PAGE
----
This is something I think about often, a rather dark thought, I do not know, but an elemental one, the idea that all of life is a preparation for death. That death is not just the final test, it is the test, and how you perform on it—or better put, how you approach it, the smile you wear, the tone you take—is just as important if not more important than everything that has come before. But the thought need not be as dire as it sounds, for if all of life is a test for death, then the way you die will naturally be an extension of the way you live. Thus one need not worry about orchestrating a good death, you will invariably be led to a death congruous to the life you have lived.
There is a story that speaks to these thoughts by one of my favorite authors, Yasushi Inoue, called Passage to Fudaraku, published in his collection, Lou-lan and other Stories. The story is about a death ritual that becomes popular among a certain group of 16th-century Japanese monks, that is, shutting oneself up in a small boat and attempting to sail across the waves to a higher realm.
“It had become a custom for devout worshippers to set sail from the Kumano coast for the mythical isle in the hope of being received by Kannon incarnate, in whose Pure Land they would be reborn,” writes Inoue. “The voyager would be confined in a doorless wooden box nailed securely to the bottom of a boat; his only provisions would be an oil lamp that would burn out in a matter of days and a small quantity of food.”
The story’s protagonist, Konko, carefully observes other monks prepare for their “fatal” voyages. Some monks depart with dignity and grace, others do not. Of a monk named Nichiyo, it is said: “He seemed very unhappy, indeed wretched. His expression was one of such despair as Konko had not known before. He stood motionless for a time, his dry foot on the boat and his wet foot on the gangplank, and then stepped aboard as if resigning himself to fate.”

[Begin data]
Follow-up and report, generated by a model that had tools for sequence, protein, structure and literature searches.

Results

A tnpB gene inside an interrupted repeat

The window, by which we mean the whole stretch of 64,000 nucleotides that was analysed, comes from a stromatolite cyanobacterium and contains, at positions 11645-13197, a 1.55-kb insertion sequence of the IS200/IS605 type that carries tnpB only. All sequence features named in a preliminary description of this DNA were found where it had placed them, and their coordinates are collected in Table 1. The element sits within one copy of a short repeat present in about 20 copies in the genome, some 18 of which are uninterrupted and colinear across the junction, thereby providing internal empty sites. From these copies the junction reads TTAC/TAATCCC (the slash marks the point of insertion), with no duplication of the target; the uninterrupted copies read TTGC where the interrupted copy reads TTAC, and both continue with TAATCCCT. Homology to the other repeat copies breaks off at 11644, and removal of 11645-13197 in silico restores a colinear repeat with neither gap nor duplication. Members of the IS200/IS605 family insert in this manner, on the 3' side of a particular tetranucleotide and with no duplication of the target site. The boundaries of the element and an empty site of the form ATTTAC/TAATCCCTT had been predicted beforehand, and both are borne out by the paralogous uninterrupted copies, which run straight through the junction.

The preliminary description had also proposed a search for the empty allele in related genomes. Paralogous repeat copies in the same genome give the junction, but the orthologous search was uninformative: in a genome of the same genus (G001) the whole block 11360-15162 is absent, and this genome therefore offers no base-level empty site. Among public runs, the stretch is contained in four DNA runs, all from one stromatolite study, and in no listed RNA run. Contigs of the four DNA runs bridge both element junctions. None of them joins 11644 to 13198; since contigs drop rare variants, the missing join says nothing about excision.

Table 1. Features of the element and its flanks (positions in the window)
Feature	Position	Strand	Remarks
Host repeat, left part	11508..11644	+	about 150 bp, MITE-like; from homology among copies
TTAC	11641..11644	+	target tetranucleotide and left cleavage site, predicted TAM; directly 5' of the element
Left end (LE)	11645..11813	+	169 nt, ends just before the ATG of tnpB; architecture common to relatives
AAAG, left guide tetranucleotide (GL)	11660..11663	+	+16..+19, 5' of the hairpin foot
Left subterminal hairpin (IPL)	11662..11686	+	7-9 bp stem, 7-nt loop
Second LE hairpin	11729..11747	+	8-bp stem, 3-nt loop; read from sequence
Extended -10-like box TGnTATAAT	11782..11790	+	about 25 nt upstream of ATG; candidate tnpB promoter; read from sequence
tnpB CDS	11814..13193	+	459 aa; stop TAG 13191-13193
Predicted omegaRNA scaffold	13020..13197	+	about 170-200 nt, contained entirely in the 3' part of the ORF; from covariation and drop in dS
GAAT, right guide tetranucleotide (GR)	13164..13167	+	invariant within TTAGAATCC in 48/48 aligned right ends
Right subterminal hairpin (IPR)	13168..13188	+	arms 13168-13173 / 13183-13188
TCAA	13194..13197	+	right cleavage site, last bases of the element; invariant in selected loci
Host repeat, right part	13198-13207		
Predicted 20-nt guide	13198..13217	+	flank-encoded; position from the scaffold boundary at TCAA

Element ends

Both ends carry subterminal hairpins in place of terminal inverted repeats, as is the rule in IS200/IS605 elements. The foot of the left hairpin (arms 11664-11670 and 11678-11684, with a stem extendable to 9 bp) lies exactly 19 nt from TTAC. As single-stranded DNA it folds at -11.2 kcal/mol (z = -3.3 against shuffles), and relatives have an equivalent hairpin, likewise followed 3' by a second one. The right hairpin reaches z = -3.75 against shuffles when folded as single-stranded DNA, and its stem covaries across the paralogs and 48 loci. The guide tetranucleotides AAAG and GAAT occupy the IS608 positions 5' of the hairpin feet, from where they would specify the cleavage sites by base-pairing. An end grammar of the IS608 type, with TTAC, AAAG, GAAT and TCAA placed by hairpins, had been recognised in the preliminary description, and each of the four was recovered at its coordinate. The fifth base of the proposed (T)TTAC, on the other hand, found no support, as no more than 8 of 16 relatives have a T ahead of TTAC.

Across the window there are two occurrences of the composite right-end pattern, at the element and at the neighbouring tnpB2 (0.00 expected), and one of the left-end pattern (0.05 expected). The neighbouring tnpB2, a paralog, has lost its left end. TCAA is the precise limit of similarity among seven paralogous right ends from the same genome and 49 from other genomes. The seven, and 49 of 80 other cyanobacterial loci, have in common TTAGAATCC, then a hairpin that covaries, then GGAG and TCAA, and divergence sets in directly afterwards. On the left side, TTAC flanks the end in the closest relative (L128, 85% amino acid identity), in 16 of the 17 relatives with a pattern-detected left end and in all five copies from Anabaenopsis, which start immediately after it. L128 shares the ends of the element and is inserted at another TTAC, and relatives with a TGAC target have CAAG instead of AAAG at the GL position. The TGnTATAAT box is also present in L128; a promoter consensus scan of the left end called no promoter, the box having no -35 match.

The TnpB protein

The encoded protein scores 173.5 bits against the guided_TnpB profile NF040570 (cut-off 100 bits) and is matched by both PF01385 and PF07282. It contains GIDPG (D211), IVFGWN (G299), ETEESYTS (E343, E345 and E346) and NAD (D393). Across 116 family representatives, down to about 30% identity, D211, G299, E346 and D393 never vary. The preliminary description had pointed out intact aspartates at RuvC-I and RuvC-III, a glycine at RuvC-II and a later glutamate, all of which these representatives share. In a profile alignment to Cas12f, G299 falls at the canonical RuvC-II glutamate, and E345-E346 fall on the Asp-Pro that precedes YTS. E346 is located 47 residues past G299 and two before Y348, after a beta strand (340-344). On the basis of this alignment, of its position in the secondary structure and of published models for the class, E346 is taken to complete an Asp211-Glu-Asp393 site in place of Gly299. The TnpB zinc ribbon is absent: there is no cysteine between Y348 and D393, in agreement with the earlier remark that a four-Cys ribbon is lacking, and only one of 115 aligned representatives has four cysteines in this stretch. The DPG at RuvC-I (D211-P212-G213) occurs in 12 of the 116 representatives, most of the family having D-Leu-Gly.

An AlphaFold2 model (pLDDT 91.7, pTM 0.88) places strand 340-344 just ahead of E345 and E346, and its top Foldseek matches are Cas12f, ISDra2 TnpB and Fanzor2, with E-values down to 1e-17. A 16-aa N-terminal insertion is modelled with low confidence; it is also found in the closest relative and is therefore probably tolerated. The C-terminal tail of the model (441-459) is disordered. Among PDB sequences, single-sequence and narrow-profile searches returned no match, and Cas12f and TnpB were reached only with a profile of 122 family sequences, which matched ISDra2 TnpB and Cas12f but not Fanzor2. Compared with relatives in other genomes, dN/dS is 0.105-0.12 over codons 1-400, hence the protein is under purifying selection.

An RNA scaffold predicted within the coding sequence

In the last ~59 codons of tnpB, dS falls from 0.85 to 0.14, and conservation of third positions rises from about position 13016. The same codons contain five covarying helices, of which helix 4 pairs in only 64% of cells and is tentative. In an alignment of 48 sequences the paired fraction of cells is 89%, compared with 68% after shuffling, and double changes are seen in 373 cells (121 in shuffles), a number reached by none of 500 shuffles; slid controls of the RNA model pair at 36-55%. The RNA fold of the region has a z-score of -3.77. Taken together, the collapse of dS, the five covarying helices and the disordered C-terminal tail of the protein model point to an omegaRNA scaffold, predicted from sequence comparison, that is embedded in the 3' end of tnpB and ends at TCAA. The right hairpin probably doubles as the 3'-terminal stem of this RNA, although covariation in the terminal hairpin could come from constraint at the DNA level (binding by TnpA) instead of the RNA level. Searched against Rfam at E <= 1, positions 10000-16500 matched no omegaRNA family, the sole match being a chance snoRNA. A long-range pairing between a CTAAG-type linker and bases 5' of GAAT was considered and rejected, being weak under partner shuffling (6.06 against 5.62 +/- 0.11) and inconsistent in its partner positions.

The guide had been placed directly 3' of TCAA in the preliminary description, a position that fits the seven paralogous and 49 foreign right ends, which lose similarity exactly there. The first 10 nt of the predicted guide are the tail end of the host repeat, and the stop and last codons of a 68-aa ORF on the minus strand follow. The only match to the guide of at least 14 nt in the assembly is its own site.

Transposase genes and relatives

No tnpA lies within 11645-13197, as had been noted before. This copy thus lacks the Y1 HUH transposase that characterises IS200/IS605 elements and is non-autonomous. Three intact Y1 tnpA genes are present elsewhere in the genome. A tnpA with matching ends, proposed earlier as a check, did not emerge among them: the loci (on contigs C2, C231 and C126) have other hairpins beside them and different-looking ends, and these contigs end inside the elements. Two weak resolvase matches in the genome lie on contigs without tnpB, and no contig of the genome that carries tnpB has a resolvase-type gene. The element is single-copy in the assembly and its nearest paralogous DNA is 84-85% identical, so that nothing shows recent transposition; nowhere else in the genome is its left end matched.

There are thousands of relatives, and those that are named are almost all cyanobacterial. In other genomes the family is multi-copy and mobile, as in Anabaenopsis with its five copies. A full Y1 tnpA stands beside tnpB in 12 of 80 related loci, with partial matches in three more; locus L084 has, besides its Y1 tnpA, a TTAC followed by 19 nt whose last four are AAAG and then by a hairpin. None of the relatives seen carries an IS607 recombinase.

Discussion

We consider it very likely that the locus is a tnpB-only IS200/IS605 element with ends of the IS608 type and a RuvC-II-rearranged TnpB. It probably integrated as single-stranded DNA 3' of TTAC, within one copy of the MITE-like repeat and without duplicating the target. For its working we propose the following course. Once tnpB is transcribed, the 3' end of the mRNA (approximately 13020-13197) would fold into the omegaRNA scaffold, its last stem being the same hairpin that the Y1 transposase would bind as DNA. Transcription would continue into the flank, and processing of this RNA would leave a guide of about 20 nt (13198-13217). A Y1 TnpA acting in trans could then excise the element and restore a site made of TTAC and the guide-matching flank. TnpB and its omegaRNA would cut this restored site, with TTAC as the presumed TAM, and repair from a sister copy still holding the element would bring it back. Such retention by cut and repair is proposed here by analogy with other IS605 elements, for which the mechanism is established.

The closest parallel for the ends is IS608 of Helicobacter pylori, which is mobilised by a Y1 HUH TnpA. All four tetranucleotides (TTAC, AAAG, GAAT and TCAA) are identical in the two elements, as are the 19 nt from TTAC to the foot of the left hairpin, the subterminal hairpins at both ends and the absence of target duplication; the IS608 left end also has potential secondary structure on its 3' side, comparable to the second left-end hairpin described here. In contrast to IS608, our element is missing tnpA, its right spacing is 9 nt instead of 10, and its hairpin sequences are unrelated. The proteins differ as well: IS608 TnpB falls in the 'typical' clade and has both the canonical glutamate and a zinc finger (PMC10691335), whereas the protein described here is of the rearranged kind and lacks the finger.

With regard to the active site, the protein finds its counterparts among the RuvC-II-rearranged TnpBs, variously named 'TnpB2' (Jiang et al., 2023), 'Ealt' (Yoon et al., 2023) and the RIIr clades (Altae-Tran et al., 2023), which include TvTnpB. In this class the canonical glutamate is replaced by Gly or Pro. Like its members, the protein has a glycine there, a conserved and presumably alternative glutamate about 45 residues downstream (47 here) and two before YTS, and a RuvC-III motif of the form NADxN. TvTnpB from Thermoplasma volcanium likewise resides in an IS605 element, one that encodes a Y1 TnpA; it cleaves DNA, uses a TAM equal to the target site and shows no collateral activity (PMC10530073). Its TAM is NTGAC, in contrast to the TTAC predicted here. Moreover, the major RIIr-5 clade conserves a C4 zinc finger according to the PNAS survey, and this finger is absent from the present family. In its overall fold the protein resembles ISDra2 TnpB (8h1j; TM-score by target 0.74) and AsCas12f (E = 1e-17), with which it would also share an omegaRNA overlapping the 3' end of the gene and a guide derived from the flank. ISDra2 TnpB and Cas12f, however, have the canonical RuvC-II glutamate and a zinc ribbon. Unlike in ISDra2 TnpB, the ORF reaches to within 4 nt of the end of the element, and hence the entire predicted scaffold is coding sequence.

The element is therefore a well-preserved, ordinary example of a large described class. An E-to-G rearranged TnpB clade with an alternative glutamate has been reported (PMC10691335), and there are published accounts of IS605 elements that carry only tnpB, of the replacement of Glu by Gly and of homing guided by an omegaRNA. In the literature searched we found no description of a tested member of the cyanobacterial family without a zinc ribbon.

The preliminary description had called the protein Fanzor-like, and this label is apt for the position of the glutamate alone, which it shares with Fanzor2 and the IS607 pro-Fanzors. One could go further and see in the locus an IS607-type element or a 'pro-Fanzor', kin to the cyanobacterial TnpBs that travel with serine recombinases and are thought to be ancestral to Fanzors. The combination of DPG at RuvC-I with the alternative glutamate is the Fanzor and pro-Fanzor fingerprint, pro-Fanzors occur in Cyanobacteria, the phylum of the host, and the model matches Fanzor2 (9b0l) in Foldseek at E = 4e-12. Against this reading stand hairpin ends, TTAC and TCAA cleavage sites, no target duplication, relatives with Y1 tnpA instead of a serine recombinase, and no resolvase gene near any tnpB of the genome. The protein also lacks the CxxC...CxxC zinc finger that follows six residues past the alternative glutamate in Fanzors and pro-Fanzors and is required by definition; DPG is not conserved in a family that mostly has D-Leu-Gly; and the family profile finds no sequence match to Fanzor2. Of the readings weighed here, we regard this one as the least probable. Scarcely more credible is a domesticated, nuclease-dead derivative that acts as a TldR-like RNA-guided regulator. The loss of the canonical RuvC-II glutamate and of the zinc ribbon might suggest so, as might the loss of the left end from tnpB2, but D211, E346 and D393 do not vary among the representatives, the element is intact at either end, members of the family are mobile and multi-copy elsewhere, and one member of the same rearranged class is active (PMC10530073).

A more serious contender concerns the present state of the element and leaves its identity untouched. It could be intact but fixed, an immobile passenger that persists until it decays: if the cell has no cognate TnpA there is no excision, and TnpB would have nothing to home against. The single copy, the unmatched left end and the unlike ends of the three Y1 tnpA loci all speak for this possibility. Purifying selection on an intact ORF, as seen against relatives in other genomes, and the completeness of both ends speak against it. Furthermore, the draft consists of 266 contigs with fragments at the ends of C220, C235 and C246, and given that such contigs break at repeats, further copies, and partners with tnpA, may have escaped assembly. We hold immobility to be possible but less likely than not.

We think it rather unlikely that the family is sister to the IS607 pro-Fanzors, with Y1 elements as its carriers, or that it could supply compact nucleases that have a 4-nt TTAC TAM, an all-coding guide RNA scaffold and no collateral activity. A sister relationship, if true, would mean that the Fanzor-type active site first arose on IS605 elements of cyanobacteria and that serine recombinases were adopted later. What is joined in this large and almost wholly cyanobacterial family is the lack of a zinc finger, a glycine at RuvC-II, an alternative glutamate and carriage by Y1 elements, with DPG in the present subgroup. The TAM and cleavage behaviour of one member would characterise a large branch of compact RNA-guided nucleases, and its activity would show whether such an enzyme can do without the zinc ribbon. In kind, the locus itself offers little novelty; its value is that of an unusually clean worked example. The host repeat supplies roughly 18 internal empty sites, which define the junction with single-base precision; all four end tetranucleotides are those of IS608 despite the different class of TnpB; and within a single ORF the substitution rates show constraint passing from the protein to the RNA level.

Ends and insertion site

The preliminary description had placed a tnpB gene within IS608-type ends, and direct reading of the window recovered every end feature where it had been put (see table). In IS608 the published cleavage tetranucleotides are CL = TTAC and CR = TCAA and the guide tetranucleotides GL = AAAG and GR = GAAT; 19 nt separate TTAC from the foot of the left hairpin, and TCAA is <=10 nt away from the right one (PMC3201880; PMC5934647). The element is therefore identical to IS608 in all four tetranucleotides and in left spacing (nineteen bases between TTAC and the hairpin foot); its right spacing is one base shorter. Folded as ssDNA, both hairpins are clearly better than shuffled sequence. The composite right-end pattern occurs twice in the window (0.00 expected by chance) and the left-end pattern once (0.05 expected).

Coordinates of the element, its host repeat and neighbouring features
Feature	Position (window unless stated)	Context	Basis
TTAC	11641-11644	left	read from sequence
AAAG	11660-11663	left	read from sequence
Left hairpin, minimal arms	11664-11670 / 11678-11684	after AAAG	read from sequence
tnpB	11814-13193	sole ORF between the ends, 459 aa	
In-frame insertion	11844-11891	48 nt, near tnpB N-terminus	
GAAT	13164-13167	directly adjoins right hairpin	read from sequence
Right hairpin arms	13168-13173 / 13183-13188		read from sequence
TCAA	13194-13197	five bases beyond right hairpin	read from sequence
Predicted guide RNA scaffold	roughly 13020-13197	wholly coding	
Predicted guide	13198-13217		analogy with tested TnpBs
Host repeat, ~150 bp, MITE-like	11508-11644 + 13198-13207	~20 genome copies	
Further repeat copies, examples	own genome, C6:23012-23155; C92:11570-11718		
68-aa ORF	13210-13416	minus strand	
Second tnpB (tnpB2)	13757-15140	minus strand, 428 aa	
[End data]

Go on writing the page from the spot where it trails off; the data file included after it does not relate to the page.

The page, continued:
We come to learn that Konko is anxious about his own impending boat trip to Fudaraku, in part because he feels it was forced upon him, and that he is not ready for such a journey. Konko eventually resigns himself to his fate, but frets over whether or not he will be able to maintain his composure when the fateful day comes. “Konko had noticed in the faces of past voyagers…joy in anticipation of new life, never sadness or fear…what would his expression be then? He did not quite know, but it must be one that would be appropriate to a truly devout monk setting sail for Fudaraku.”
Konko remains anxious, and this anxiety outweighs the spiritual enlightenment that is supposed to accompany the journeyer. He is “disconcerted by the growing expectations,” and devolves into a state of languor. “If a visitor spoke to him, Konko did not answer…By November, he had lost all awareness of time. When he awoke he would call Seigen. ‘Isn’t this the day for my voyage?’ he would ask. Told that it was not, he would lift his head in apparent relief, and look upon the white sands of the garden…”
And perhaps this is where the brilliance of Bowie comes in, because unlike the monk Konko in Yasushi Inoue’s story, who avows himself to a ritual he does not really believe in, Bowie never abandoned his own unique method.
“David Bowie planned his end as he lived,” notes the writer Ann Neumann, in the Guardian article, “on his own terms, blazing a trail.”